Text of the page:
Melvin, Wedge Named Managers of the Year

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By Barry Svrluga
Washington Post Staff Writer
Thursday, November 15, 2007

Major League Baseball managers spend much of the winter debunking the predictions of the people they like to refer to as the "so-called experts," dismissing forecasts from those whose opinions appear in print and over the airwaves. And each November, two of those managers -- this year, Arizona's Bob Melvin and Cleveland's Eric Wedge -- are afforded the opportunity to revel in the fact that they exceeded those very same expectations set forth by those very same "so-called experts."

Yesterday, Melvin and Wedge were named as National and American League managers of the year, respectively, in voting conducted by the Baseball Writers' Association of America. Each began the season with young players at key positions, and each managed his club to a division title and a berth in the league championship series. Each was rewarded because his club overcame more established, veteran teams -- in Melvin's case, the Los Angeles Dodgers and San Diego Padres, and in Wedge's case, the Detroit Tigers -- in reaching the postseason.

Wedge and Melvin were the first managers of the year for their respective franchises. Wedge's Indians finished 78-84 and in fourth place in the AL Central in 2006 before matching the Boston Red Sox for the best record in the majors at 96-66 this season.

"You work hard to establish those expectations," Wedge said yesterday in a conference call. "You want those expectations. That comes with respect."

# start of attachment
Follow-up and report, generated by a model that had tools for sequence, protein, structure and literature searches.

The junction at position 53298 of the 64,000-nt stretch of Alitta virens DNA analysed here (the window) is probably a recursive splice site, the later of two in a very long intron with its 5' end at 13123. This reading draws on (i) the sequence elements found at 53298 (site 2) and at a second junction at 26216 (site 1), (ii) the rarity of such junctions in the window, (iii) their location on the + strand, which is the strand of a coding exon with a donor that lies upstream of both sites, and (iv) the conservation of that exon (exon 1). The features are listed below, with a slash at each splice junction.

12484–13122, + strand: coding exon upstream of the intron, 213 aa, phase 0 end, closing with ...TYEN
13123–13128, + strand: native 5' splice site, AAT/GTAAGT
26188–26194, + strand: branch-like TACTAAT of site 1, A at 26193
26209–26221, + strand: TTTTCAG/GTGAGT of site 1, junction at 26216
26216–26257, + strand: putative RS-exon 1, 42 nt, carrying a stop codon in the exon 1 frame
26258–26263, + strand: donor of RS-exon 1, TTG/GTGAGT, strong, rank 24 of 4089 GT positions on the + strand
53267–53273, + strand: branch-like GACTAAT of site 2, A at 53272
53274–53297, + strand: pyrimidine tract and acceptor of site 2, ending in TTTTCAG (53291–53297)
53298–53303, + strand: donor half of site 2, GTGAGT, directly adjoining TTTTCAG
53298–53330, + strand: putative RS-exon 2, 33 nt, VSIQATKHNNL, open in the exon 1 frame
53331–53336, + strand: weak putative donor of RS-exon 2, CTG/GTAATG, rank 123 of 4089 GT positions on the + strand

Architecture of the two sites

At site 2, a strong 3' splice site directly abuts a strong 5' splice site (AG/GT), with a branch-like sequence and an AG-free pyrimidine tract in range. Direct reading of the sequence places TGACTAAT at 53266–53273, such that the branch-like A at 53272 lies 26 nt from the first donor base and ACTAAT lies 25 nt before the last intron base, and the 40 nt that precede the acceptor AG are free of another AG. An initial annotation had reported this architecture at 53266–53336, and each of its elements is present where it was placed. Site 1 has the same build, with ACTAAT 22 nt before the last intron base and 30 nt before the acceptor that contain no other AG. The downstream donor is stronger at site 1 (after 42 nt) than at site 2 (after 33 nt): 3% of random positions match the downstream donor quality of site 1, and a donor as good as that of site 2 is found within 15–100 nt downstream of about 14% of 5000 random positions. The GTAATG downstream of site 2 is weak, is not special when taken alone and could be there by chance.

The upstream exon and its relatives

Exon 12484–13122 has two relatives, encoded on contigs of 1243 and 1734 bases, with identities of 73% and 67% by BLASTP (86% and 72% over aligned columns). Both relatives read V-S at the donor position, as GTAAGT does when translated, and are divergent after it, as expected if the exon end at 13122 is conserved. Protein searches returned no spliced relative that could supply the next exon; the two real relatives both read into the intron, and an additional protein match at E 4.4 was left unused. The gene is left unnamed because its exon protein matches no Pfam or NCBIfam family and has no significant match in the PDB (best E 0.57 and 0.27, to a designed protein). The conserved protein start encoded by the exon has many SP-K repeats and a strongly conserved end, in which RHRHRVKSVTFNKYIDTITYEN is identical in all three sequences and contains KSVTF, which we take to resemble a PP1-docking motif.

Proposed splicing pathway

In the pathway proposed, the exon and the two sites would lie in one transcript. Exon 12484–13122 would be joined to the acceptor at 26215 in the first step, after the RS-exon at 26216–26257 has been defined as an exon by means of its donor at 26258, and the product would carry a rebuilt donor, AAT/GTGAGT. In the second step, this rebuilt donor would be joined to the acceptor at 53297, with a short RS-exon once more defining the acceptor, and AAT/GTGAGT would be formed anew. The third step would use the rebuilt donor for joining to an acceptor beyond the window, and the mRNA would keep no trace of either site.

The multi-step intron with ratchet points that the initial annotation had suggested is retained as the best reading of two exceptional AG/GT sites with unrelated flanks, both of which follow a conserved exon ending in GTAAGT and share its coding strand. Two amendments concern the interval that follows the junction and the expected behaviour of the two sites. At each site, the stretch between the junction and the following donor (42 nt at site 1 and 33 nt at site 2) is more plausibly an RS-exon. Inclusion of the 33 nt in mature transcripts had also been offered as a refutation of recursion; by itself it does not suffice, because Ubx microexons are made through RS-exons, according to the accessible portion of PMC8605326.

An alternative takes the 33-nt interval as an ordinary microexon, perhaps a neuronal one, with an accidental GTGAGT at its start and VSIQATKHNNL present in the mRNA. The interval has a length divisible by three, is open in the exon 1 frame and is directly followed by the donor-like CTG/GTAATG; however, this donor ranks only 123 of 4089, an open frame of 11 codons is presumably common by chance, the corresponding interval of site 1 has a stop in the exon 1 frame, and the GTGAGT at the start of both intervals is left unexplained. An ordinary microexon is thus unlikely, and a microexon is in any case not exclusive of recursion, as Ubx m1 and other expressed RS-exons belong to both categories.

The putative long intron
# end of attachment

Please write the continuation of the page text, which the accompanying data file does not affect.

Wedge received 19 of the 28 first-place votes cast by two writers' association members in each AL city. He was the only candidate to appear on all 28 ballots, drawing six second-place votes and three for third, totaling 116 points. He beat out Mike Scioscia of the Los Angeles Angels (four first-place votes, 62 points) and Joe Torre of the New York Yankees (five first-place votes, 61 points). Torre has since left to become manager of the Dodgers.

Melvin received 19 of the 32 first-place votes cast by two association members in each NL city. He was second on seven ballots and third on three for a total of 119 points, beating out Philadelphia's Charlie Manuel (seven first-place votes, 76 points) and Colorado's Clint Hurdle (four first-place votes, 58 points).

"At the beginning, we were cautiously optimistic," Melvin said, remembering the Diamondbacks were 76-86 in 2006. "We liked the younger group, yet we were trying not to get too much ahead of ourselves."

Washington Nationals Manager Manny Acta finished tied for fifth with four points on four third-place votes. San Diego's Bud Black also tallied four points, but appeared on only two ballots. He received one second-place vote and one for third.

Considering the ignominious projections for the Nationals in spring training -- some scouts believed it would be difficult for Washington to lose fewer than 110 games -- Acta may have outdistanced the public's expectations by the widest margin. The Nationals finished a distant fourth in the NL East at 73-89, but that represented two more wins than they collected in 2006 with a team that included Alfonso Soriano, Jose Vidro and a healthy Nick Johnson.

"I think it was a great choice," Acta said in a telephone interview yesterday. "I think Bob did a tremendous job with that young team from Day One. Me, if I do get votes, fine. But I think the people in D.C. have made me feel like I won anyway. That just made me happy."

Acta, 38, was the youngest manager in baseball in 2007, his first season managing in the majors. He said he understands that he will never again have expectations as lowly as this past season, what with the Nationals expected to increase payroll significantly as they begin play in a new ballpark.

"I really don't care, because I have my own expectations," Acta said. "I really don't care what other people's are. I'm always trying to get better, and we're trying to make our team better regardless of what other people think."


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